The automation of documentation will likely proceed in the same piecemeal manner, according to Mr. Venkatesh. To document an HPI, “It's slightly less necessary to have human thought and intuition and innovation,” he said. “The assessment and plan are really the most human part of this process, involving a lot of clinical reasoning, and that, to me, is what will probably go last, if at all.”

With effective integration into electronic health records, AI should also be good at compiling test and lab results into the record, Mr. Venkatesh noted.

Caution required

Despite its promise to reduce physician workload, AI “should probably not be given the reins any time soon,” Mr. Venkatesh cautioned. “I think the first step is to maintain a very keen and healthy suspicion of anything that is generated by AI as we investigate accuracy and work to prevent hallucinations that might exist within the outputs.”

Hallucination is the term for AI providing information that is not true. Perhaps the best-known example in medicine is that when ChatGPT is asked to write a journal article, it will invent references that do not exist. “If hallucinations are interpreted as reality by clinicians down the line looking at documentation, it's a very, very scary situation that threatens patient safety and quality of care,” said Mr. Venkatesh.

Experts at big players in the AI and health care industries, such as Microsoft and Epic, are currently hard at work figuring out how to detect and prevent hallucinations, he added. But until that's solved, clinicians may be reluctant to incorporate the technology into their day-to-day, experts agreed.

“I think doctors are nervous about AI. They're nervous about explainability. They're nervous about reliability. Some of them are nervous about bias in the datasets of the algorithms,” said Dr. Kvedar.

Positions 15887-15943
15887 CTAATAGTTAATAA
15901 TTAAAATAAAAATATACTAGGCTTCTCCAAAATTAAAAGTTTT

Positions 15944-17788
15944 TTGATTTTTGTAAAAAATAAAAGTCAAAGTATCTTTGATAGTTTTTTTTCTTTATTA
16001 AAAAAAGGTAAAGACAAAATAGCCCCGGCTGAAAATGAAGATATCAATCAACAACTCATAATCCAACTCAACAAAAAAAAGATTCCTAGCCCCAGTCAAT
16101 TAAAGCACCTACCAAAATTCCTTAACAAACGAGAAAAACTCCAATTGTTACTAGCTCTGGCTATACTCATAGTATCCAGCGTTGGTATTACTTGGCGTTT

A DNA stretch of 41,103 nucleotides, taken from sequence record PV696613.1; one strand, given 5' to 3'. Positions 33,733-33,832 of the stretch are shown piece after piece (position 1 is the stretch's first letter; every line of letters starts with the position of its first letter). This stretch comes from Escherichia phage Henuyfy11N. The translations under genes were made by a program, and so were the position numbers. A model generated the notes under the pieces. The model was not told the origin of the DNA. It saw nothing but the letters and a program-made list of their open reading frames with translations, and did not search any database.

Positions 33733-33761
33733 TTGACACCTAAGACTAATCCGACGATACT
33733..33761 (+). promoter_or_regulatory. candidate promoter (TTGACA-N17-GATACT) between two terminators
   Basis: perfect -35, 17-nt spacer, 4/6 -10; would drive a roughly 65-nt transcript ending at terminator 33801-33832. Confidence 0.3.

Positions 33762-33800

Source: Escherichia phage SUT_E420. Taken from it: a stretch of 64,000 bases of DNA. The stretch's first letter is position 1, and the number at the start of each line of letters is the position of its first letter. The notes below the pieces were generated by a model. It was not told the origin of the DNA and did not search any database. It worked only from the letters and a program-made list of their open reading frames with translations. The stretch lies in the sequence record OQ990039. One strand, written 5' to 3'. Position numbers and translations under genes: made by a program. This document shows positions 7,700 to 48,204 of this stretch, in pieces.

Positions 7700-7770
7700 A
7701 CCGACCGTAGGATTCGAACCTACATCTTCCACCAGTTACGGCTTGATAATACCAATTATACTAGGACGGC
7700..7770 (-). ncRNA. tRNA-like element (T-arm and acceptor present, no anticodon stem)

Richard Pinson, MD, FACP, a clinical documentation and coding expert based in Chattanooga, Tenn., cofounder of Pinson & Tang, and ACP Hospitalist's coding columnist, seconded that perspective. “Can we really trust it?” he asked. “Are we going to have to have a human review everything to see if the conclusions are right? It's very scary.”

To help alleviate these valid concerns, it's important for AI in medicine to be “glassbox,” or transparent, about the logic behind its actions, said Dr. Aslam. “In our particular tool, for instance, you can pull up any note, and we will tell you what codes we predicted. You can click on the code and it will highlight the part of the note that is why we said that this code is appropriate.”

As another safeguard, electronic health records will likely notify users whenever information is being provided by AI, Dr. Kvedar predicted, at least for now. “Maybe there will come a time when we shrug our shoulders over this whole thing,” he added.

At that point, Dr. Kvedar hopes, physicians will be able to let the computers work without supervision and turn their focus to patients. “The proper use of these tools should free us up to be more human, because computers don't do caring, they don't do emotional intelligence, they don't do judgment very well,” he said. “So those are all things we can apply our brains to.”